“Some of the people that lived in the community would tease and say, ‘Don’t fish here because Brenda has it all fished out,’” she said.

Her family would cook everything she caught. Now when she fishes in the mountain rivers of the Peñasco area, it is catch and release.

“Being around nature, I love the sound of water,” she said. “It soothes me.”

The second eldest of five children, she often took on the care of her siblings.

“I used to make sure they had a jacket on and were taken care of and were fed,” she said.


In her time as a head nurse, she had to learn to quell worries over the pressure of emergency calls, always expecting that when the phone rang it would be the hospital.

“I can remember feeling anxious about, ‘what if they call me, or this happens or that happens,’” she said. “And I remember thinking, ‘If I’m going to survive this in the long run, I can’t feel that way. I’m going to have to find a different approach to this work so I don’t feel stress like that or worry about it.”

She said she spent a lot of time reading about the issue and eventually worked her way through it. She said she knew she’d conquered that anxiety when she started instinctively assuming that phone calls were from family or friends, even though it was almost always the hospital.

Romero is an avid reader, but largely stays away from fiction. Asked if she ever reads for pleasure, she laughed and simply said no.

“Brenda is such a researcher, she’s constantly reading, constantly learning new skills,” Marita said.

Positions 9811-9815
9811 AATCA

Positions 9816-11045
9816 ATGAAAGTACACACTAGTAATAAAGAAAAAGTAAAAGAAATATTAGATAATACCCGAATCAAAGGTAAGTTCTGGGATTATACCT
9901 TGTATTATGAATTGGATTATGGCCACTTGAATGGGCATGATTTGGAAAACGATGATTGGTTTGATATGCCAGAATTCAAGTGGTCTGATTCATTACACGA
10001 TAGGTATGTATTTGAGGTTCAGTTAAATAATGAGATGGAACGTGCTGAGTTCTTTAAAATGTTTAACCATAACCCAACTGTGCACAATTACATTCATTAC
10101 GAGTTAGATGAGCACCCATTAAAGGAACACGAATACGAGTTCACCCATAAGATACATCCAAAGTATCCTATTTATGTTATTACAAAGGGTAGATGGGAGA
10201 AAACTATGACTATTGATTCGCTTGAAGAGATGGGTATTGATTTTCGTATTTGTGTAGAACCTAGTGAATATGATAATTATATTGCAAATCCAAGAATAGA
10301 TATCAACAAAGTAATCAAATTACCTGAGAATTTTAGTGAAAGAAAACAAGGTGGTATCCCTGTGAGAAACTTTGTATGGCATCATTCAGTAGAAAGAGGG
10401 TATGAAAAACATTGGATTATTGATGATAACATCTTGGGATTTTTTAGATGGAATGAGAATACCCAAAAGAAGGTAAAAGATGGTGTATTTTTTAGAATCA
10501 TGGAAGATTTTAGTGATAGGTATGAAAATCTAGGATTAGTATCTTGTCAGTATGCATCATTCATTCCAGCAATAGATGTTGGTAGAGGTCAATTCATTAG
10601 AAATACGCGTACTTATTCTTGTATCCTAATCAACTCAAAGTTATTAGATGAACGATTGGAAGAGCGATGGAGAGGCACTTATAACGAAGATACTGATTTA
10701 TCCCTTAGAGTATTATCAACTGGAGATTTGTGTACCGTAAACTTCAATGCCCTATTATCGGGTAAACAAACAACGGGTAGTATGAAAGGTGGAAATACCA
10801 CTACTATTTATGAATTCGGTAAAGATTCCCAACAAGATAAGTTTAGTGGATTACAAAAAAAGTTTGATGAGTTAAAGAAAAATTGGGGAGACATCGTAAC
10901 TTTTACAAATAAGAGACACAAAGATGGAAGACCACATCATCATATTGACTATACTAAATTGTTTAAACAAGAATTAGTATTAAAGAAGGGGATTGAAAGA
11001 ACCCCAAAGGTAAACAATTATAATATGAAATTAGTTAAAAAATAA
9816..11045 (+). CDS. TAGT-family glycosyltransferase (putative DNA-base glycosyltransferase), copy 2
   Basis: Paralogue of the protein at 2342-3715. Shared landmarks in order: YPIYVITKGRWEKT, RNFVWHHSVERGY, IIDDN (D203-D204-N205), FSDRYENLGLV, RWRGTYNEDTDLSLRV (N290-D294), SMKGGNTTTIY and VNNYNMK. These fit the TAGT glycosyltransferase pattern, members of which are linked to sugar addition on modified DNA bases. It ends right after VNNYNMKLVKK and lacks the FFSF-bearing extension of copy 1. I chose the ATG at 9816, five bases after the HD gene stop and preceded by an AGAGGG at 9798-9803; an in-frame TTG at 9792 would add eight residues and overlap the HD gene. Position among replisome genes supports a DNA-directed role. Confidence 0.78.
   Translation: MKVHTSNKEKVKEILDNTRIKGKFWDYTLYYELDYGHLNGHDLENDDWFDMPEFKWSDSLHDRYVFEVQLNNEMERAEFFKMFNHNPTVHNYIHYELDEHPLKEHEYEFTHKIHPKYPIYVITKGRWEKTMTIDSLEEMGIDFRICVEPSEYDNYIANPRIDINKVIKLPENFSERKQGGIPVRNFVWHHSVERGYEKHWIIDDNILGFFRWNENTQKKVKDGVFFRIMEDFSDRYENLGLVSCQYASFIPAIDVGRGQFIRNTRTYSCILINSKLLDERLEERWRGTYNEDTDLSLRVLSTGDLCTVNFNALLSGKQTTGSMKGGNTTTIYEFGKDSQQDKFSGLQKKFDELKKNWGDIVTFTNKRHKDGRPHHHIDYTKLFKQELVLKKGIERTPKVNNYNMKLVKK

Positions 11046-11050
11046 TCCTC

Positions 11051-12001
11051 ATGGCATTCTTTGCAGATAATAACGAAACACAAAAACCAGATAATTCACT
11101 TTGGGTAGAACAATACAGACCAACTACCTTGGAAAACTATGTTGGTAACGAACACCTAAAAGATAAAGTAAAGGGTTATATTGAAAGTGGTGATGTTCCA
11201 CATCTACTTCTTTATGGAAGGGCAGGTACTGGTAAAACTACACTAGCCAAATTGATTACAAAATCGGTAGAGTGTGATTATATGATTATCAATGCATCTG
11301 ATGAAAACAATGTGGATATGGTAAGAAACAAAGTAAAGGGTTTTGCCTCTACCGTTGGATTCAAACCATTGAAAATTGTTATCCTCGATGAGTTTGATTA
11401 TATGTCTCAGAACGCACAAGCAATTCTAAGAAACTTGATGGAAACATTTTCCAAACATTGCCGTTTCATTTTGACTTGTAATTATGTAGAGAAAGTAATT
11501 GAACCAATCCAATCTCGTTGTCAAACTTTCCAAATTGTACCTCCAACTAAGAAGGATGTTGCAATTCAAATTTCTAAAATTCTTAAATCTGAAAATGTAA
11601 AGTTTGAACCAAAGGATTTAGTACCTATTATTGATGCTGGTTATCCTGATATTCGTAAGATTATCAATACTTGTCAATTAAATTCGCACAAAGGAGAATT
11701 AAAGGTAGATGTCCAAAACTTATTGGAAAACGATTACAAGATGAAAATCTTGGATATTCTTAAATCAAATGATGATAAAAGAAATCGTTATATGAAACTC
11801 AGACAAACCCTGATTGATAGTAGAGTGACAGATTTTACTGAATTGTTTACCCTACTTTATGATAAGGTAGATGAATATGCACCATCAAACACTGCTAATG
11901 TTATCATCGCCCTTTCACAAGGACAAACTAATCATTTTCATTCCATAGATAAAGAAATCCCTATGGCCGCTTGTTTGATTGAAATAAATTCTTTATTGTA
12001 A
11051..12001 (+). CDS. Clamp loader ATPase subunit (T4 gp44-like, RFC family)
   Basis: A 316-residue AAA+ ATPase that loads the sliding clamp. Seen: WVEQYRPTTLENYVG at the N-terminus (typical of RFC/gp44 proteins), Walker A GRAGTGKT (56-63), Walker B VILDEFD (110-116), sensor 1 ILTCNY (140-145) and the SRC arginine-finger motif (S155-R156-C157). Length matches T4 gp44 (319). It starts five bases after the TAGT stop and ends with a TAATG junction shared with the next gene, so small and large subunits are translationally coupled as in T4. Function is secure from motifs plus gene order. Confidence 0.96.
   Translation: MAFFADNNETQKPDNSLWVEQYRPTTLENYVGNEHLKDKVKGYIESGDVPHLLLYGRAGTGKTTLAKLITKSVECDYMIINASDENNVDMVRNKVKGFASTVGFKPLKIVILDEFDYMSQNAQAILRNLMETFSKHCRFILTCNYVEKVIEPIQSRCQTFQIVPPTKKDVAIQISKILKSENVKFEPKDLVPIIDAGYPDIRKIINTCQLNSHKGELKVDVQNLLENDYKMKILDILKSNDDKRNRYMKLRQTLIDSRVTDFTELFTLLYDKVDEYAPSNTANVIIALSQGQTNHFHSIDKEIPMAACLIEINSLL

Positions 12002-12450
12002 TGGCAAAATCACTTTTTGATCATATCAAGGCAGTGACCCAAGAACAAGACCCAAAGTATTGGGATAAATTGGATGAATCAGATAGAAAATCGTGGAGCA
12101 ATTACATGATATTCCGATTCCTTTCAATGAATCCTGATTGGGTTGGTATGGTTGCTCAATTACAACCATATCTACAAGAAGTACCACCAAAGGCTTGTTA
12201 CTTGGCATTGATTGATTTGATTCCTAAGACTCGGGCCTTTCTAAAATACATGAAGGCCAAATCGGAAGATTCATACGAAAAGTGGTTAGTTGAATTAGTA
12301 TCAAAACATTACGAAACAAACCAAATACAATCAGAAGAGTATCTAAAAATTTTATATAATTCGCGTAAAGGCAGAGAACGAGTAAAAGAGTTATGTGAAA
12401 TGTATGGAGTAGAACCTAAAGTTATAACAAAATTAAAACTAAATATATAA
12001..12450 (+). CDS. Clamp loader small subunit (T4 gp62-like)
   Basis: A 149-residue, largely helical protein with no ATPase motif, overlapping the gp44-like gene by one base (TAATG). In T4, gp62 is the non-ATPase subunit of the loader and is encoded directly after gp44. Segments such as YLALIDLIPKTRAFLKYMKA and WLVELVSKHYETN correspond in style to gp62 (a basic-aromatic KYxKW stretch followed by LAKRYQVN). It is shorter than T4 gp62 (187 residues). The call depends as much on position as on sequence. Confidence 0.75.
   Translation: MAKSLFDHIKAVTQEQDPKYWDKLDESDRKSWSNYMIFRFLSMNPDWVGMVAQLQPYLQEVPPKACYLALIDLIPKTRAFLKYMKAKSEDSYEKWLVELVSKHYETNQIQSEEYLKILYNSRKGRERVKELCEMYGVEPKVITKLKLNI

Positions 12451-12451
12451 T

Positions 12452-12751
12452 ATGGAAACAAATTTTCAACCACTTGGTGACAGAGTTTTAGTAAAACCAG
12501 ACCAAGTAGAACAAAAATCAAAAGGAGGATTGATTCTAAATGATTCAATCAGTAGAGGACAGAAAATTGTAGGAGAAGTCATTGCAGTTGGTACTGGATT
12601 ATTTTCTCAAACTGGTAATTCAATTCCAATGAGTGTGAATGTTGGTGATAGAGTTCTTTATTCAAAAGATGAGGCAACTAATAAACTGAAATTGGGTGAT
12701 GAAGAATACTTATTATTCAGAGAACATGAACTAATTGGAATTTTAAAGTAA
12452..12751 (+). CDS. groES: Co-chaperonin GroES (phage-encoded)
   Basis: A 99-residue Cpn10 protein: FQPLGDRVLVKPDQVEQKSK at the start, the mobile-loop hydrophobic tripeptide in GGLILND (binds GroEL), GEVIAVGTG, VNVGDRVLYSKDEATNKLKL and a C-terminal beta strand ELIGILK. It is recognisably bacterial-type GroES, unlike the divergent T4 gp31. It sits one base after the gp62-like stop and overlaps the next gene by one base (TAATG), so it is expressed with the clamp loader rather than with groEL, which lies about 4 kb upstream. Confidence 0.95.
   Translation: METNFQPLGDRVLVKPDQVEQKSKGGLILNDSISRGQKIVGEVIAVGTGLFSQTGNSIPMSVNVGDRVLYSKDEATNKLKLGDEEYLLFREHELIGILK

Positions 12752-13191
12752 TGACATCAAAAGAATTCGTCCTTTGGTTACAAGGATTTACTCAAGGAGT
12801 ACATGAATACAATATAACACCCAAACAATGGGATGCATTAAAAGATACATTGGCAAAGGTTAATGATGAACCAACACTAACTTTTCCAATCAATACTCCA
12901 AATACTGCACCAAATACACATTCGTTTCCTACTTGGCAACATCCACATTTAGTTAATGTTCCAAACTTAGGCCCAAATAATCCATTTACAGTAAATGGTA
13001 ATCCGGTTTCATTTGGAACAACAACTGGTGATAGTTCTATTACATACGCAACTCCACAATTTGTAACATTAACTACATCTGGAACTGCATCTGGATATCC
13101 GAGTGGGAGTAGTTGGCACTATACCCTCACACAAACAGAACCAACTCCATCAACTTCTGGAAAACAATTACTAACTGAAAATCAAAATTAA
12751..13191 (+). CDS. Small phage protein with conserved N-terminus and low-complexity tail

Romero brings this philosophy to the emotionally-taxing nature of healthcare work.

“I feel patients’ anxiety, pain, frustration,” she said. “I feel it. But I know that in order to be in the best position to help them, I can’t go too far down that path. I have to stay in a place where I can do what I’m supposed to do. And I don’t really perceive it as stress. I perceive it more as a passion to want to do better.”

The occasional vacation is the only true relaxation she admits to. The island beaches of Cozumel, Mexico are her favorite destination, as evidenced by a wide picture of a pristine beach that hangs perfectly in view of her desk.

Romero believes that everyone deserves healthcare and she is frustrated by how difficult the process of obtaining it can be.

She said that while Española Hospital, which is not for profit, has regulations around their finances due to federal funding, the hospital works with patients to ensure they can afford care.

“We’re making appointments for people and seeing people regardless of if they have a payer source,” she said.

The hospital has employees who help patients find financial assistance. Romero said self pay rates have decreased from about 13.5 percent to 2.5 percent in the 10 years she has been administrator.


Addiction, one of the most pressing regional health issues in Rio Arriba, has been a top priority for Romero. She is emphatic that substance abuse disorder is not a personal failure.

“It’s pretty common for most of us to have family or friends that have that illness,” she said.